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In terms of donations over £7,500 in value, the party received just one – which was from a generous benefactor who sadly passed away this year. Morven Polson left £300,000 to the party, accounts published by the Electoral Commission have revealed.
Otherwise, the party did not receive another large donation.
The Commission’s data, uploaded yesterday, indicated the party received a total of just over £570,000.
This figure comprises £270,983 in so-called ‘short money’, covering payment from the House of Commons to opposition parties to help with running costs.
Additionally, the party received £300,000 from Mr Polson on February 15 as part of a bequest.
An obituary published by the Edinburgh Evening News on April 16, 2020 stated that Mr Polson died “suddenly, at Cairdean House Nursing Home, on Monday, April 13, 2020.”
It adds: “Funeral service private due to current health events.”
However it once again focuses attention on the party’s finances days after the resignation of SNP MP Joanna Cherry from the National Executive Committee (NEC), and Douglas Chapman resigned as the SNP’s national treasurer.
Edinburgh South West MP Ms Cherry explained her decision in a statement on Twitter, blaming issues over “transparency and scrutiny” in the party.
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In the tweet, Ms Cherry said: “A number of factors have prevented me from fulfilling the mandate party members gave me to improve transparency & scrutiny & to uphold the party’s constitution.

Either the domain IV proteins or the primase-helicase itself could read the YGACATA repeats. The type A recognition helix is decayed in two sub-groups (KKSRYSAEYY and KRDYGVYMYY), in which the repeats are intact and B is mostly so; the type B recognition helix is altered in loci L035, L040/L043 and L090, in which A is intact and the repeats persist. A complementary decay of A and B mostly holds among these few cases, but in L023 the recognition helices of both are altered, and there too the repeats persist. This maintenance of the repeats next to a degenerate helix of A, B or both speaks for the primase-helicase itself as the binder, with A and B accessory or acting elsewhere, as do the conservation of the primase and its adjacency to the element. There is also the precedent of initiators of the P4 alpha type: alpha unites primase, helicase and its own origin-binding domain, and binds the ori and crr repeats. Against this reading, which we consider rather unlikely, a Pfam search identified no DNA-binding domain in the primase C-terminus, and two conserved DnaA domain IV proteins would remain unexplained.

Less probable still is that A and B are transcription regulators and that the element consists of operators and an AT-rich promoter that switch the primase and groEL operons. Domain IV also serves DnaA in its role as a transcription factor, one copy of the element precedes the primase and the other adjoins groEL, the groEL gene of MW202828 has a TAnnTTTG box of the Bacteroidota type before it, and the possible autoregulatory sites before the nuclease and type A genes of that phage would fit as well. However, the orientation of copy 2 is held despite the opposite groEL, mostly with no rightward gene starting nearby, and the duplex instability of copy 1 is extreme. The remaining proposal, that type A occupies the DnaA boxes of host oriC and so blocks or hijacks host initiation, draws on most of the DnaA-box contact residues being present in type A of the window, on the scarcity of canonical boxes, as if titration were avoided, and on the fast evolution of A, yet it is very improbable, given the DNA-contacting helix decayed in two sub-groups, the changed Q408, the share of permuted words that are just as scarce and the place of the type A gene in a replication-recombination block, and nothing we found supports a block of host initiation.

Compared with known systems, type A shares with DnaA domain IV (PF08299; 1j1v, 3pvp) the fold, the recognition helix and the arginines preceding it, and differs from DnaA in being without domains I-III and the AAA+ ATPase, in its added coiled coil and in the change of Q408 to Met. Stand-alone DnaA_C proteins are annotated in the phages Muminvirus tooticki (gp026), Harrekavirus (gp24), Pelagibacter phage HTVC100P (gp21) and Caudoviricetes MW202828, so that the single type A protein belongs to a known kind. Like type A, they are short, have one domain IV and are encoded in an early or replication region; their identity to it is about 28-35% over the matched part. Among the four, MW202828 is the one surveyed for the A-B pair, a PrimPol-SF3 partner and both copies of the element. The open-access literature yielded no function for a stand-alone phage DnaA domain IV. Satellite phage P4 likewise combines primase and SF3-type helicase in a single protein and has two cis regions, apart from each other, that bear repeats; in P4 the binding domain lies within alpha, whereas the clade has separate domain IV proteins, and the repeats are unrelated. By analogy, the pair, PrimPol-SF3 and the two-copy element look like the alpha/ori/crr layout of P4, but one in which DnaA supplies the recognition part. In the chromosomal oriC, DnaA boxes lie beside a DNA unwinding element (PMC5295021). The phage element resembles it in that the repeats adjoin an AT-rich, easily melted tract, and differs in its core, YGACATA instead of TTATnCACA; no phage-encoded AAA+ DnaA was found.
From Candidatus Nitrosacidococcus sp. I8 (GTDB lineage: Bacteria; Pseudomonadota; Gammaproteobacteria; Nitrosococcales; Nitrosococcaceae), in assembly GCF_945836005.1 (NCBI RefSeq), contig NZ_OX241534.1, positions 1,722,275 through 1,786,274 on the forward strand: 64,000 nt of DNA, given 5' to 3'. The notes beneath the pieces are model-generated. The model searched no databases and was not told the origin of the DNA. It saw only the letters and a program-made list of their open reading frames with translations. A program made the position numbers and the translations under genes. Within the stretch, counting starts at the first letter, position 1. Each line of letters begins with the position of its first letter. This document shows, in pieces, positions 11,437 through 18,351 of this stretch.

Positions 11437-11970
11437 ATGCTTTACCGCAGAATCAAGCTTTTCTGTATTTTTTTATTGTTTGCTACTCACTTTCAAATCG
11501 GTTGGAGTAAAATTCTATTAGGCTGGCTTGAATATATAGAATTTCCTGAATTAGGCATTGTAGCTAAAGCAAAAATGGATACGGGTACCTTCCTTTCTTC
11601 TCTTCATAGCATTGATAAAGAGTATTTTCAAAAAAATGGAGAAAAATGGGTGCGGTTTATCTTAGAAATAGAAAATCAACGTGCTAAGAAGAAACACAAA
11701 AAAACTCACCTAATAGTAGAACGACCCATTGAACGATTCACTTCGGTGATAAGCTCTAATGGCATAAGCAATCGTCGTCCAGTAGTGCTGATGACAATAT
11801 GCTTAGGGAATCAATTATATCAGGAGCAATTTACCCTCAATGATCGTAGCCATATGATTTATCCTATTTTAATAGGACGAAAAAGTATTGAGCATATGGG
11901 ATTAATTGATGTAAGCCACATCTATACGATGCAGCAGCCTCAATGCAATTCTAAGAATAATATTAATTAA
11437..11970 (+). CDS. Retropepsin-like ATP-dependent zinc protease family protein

“I won’t be making any further comment at this stage.”
Meanwhile, Mr Chapman, MP for Dunfermline and West Fife, said he was not given enough information to do the job.
Deputy First Minister John Swinney was forced to deny that Police Scotland was investigating “£600,000 of SNP funds that was raised by activists and campaigners and perhaps diverted elsewhere?”, telling the BBC: “Not to my knowledge, no.”
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He told BBC Scotland’s The Sunday Show: “I don’t understand quite what’s prompted this.
“The National Executive Committee has responsibility for scrutinising the party’s finances and in addition to that, the accounts of the party are independently audited by external auditors and are submitted to the Electoral Commission for scrutiny.
“So there’s a huge amount of scrutiny of party finances that goes on.”
Mr Chapman took over the role last year, while Ms Cherry only recently returned to politics after taking a break for health reasons.
It remains unclear what led to Mr Chapman’s decision, but SNP business convener and fellow MP Kirsten Oswald said she “fundamentally disagrees” with Mr Chapman’s assessment.
Speaking yesterday, First Minister Mrs Sturgeon insisted she was “not concerned” about the SNP’s finances despite the resignations.
In an interview with STV News, she also rejected allegations that £600,000 of funds raised by activists has “gone missing”.
Ms Sturgeon said: “I’m not concerned about the party’s finances.
“The finances of the SNP are independently audited, our accounts are sent to the Electoral Commission in common with other parties and of course published so there’s full scrutiny around that.
“Money hasn’t gone missing. All money goes through the SNP accounts independently and fully audited.”
Ms Sturgeon added: “We don’t hold separate accounts, we’re under no legal requirement to do that, our accounts are managed on a cash-flow basis.
“But every penny we raise to support the campaign for independence will be spent on the campaign for independence.”
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